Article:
Process Volunteer Forms Due March 12 YALSA will begin appointing process committee, jury, task force, and advisory board members this spring! Be sure to fill out your Committee Volunteer Form by March 12 so that Kim Patton, YALSA’s president-elect, will know you’re interested. (Read Kim Patton’s post on the process to find out more about serving on YALSA’s committees).

After the jump, find out more about YALSA’s preconferences before ALA Annual, how to register for YALSA’s first webinar (it’s free!), and what’s on tap for the 2010 YA Literature Symposium

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D.C. Tips – Celebrating Lincoln

It is hard to believe that Annual is less than four months away!’  Have you registered?’  If you are interested in sharing housing, the YALSA wiki has a page specifically for roommate requests.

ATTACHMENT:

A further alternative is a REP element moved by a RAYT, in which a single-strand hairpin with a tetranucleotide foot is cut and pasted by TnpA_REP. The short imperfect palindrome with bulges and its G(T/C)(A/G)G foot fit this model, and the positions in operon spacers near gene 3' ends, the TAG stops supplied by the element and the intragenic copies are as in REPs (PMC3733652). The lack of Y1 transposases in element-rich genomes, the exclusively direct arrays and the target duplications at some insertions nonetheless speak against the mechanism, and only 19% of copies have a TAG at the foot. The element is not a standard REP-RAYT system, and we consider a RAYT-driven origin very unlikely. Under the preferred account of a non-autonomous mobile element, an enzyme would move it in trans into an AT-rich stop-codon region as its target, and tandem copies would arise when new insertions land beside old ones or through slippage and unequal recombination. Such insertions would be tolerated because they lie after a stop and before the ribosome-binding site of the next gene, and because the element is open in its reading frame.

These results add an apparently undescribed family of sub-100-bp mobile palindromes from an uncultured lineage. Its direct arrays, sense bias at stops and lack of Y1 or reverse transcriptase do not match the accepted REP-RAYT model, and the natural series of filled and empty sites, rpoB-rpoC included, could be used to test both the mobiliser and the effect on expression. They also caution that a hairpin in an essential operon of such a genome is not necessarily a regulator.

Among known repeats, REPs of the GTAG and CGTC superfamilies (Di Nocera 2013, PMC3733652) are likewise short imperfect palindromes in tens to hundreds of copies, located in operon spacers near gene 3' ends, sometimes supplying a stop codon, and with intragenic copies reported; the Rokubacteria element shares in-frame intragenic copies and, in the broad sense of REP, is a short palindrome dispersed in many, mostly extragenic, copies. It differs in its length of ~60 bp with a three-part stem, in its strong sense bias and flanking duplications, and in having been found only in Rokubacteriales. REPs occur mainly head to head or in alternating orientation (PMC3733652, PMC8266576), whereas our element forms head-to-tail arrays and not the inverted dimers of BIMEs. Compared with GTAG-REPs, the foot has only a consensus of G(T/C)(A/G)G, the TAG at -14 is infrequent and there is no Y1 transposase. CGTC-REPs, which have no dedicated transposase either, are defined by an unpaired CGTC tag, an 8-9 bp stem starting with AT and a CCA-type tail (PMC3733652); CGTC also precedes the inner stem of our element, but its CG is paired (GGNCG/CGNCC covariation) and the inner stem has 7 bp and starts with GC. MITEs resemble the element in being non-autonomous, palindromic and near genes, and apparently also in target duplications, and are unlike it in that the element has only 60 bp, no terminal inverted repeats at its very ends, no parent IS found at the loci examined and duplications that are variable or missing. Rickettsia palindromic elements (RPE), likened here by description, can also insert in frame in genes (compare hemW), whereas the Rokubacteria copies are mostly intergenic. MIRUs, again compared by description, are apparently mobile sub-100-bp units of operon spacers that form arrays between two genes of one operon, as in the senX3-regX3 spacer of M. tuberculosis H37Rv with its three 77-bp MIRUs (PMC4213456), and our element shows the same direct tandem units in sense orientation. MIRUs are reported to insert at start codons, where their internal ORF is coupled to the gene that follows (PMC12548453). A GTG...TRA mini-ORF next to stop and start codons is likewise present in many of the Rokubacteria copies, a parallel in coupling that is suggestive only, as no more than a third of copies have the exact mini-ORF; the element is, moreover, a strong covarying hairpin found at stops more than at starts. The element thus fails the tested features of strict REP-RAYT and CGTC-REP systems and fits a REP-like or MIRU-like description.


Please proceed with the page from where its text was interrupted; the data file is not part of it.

Since’ Abraham Lincoln’s birthday was in February, the Local Arrangements committee thought we would highlight things to do in Washington D.C. that are related to President Lincoln.’  One thing you cannot miss is the Lincoln Memorial.’  It is’ free and open 24 hours a day, although it is only staffed with park rangers 9:30 AM to 11:30 PM.’  The memorial is a beautiful structure that honors the memory of a beloved president and all he stood for.’  It also played an important part in our nation’s history: Martin Luther King Jr. gave his famous’  “I Have a Dream” speech on the steps of the memorial.’  Lincoln and his memorial even stepped on to the pop culture stage when the statue came to life in the recent movie’ Night at the Museum: Battle of the Smithsonian.’  One can learn more about the memorial by exploring the National Park Service site dedicated to the memorial.